so, self-awareness, anyone?

developing greater self-awareness is one of the goals i’ve been working on with my counsellor. i’d have had greater success if i’d have understood exactly what it was. it’s certainly a popular term; it shows up everywhere. people who make mistakes blame a lack of it. headlines extol the value of it. we say we’re practicing it when things are going well. i realized recently, however, that i couldn’t define it, not without looking it up. i tried and all i came up with was a tautology; self-awareness is being self-aware.

a more accurate statement might be “self-awareness is knowing yourself.” it’s knowing who you are and what you want. it’s understanding what you’re thinking and feeling. it’s focusing our attention on ourselves, comparing where we are currently to our standards and values. It’s becoming objective evaluators of ourselves.

self-awareness is supposed to be non-judgmental; observational only. that idea shows up regularly in stoic literature as well. a thought is just a thing and you can accept or reject it on that basis. we have a variety of thoughts all the time. being self-aware means looking at thoughts and observing them, perhaps even understanding them. this is not the same as accepting them, or what generates them. it’s also not changing what’s going on inside if it’s not congruent with the person you want to be. the last is where i tend to stumble.

i’m getting better at knowing what i’m thinking. it’s improved since i decided to scale back on denial in favour of self-knowledge; it’s not like denying the truth was helping much anyhow. mental illness still caught up with me and negative behaviours still had a cascading and detrimental effect. i might as well face what i think and believe. facing things is not all that goes into self-acceptance, however.

i can observe my thoughts; that’s a good. unfortunately, i don’t stay neutral about them. i rate them and correspondingly myself as “good” or “bad” depending on the content. that’s a bad. for instance, i might notice that i’m calling myself fat again; that i’m slipping into eating disorder-type thoughts. self-awareness and stoicism would have me observe what’s happening without judgement before i decide what to do next. unfortunately, i tend not to wait. i notice the thought, react to it, and jump in with both feet. too often that looks like trash-talking myself for what i’m thinking or deciding that food should be an optional extra. these behaviours lead to more thoughts of the type that i should observe non-judgmentally, but don’t. i move from self-knowledge to reactive and skip being self-aware. it’s not the way to function if one wants to live well.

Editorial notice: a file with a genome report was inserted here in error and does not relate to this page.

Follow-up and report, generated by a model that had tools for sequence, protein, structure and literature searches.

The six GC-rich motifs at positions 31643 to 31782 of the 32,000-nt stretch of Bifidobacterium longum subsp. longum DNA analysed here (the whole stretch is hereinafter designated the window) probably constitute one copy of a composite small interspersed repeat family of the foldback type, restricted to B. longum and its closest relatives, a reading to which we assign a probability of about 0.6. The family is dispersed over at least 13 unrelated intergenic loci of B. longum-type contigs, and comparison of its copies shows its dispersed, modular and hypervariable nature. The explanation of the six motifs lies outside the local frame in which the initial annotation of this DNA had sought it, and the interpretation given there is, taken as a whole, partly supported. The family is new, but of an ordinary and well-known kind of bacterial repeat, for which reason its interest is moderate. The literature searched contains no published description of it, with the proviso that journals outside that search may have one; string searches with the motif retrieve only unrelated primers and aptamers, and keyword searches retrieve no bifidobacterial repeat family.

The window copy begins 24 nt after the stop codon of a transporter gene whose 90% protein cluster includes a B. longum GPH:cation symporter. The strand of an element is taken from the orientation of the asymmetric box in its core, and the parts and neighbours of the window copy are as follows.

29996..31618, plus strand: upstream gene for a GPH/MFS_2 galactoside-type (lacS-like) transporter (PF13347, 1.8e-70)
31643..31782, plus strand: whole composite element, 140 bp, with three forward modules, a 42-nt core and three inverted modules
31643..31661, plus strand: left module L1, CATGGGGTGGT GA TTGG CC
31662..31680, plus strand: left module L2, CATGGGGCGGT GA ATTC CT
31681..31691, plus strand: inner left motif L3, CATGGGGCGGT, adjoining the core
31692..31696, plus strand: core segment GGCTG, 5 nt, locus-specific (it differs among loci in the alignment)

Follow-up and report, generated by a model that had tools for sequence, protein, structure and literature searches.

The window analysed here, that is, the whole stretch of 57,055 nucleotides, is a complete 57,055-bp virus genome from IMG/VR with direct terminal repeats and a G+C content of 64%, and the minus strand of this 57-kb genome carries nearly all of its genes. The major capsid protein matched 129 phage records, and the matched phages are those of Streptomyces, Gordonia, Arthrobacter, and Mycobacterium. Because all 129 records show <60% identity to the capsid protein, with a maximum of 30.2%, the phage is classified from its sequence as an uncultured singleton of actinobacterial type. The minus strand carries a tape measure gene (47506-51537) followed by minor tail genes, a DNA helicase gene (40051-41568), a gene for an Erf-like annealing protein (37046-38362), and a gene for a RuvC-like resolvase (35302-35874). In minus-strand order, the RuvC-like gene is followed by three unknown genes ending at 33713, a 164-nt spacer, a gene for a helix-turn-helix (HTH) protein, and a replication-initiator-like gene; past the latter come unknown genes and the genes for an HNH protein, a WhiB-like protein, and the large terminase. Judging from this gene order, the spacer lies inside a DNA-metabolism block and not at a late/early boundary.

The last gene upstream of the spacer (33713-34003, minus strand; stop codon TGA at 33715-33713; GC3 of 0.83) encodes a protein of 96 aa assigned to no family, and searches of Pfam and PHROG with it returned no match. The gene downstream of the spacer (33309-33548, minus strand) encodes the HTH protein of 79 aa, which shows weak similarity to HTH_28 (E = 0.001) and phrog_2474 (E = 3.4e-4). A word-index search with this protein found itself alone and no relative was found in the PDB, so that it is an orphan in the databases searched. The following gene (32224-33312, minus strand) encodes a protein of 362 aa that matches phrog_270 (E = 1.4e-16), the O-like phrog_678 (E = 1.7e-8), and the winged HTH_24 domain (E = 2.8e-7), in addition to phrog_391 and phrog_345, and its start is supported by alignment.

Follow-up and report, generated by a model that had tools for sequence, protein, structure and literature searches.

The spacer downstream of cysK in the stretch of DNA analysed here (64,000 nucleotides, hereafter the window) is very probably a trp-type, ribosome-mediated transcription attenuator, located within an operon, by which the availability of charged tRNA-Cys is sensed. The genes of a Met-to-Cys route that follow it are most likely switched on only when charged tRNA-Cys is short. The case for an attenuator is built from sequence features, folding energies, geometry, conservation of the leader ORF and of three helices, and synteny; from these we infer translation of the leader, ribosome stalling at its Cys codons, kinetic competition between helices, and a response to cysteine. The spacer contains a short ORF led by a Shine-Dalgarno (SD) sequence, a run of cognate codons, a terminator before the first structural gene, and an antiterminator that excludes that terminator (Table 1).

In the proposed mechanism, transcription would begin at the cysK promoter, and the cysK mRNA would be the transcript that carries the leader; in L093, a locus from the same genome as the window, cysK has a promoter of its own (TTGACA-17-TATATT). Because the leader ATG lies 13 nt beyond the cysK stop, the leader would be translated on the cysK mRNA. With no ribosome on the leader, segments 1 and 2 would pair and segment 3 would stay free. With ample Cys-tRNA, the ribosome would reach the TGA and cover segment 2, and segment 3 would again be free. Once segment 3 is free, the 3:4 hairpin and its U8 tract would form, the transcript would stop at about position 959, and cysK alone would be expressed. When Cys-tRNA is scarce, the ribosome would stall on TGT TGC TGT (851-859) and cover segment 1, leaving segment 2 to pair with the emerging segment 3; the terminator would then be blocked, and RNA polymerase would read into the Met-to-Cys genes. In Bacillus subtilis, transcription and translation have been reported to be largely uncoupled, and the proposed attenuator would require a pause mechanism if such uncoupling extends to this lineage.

it’s a habit i suppose, like anything else. i’ve many years of self-unawareness to counter. it’s easier to pay attention to what’s going on inside when things are going well, or at least not poorly. when the thoughts and feelings get difficult, it’s natural to revert to a practiced behaviour. it’d be nice if good habits were as easy to adopt as negative ones, but that doesn’t seem to be the case for humans. my internal monologues are certainly longer now as i strive to not only stay aware of my thoughts but to respond to them appropriately. i try to evaluate the original thought and see how it lines up with my values and goals, but if i respond habitually, i then must observe, evaluate, and address my instinctive response too. i sometimes wonder what all this thinking and self-talk looks like from the outside. are there are protracted periods of time where i appear to onlookers to be absent?

i told my counsellor that i was seeking self-awareness, but as i’ve travelled down this path, i’ve learned that while observational insights are good and helpful, what i really wanted was self-acceptance – close to but not entirely the same thing. i wanted to know was that despite everything, i was okay. it’s hard to believe it when you hear it from others; it doesn’t have the same weight. it doesn’t matter how many people accept us if we can’t accept ourselves.

a better goal would be developing both self-awareness and self-acceptance. it’s become apparent as i practice observing my thoughts that the former is fairly useless if you aren’t working on the latter as well.


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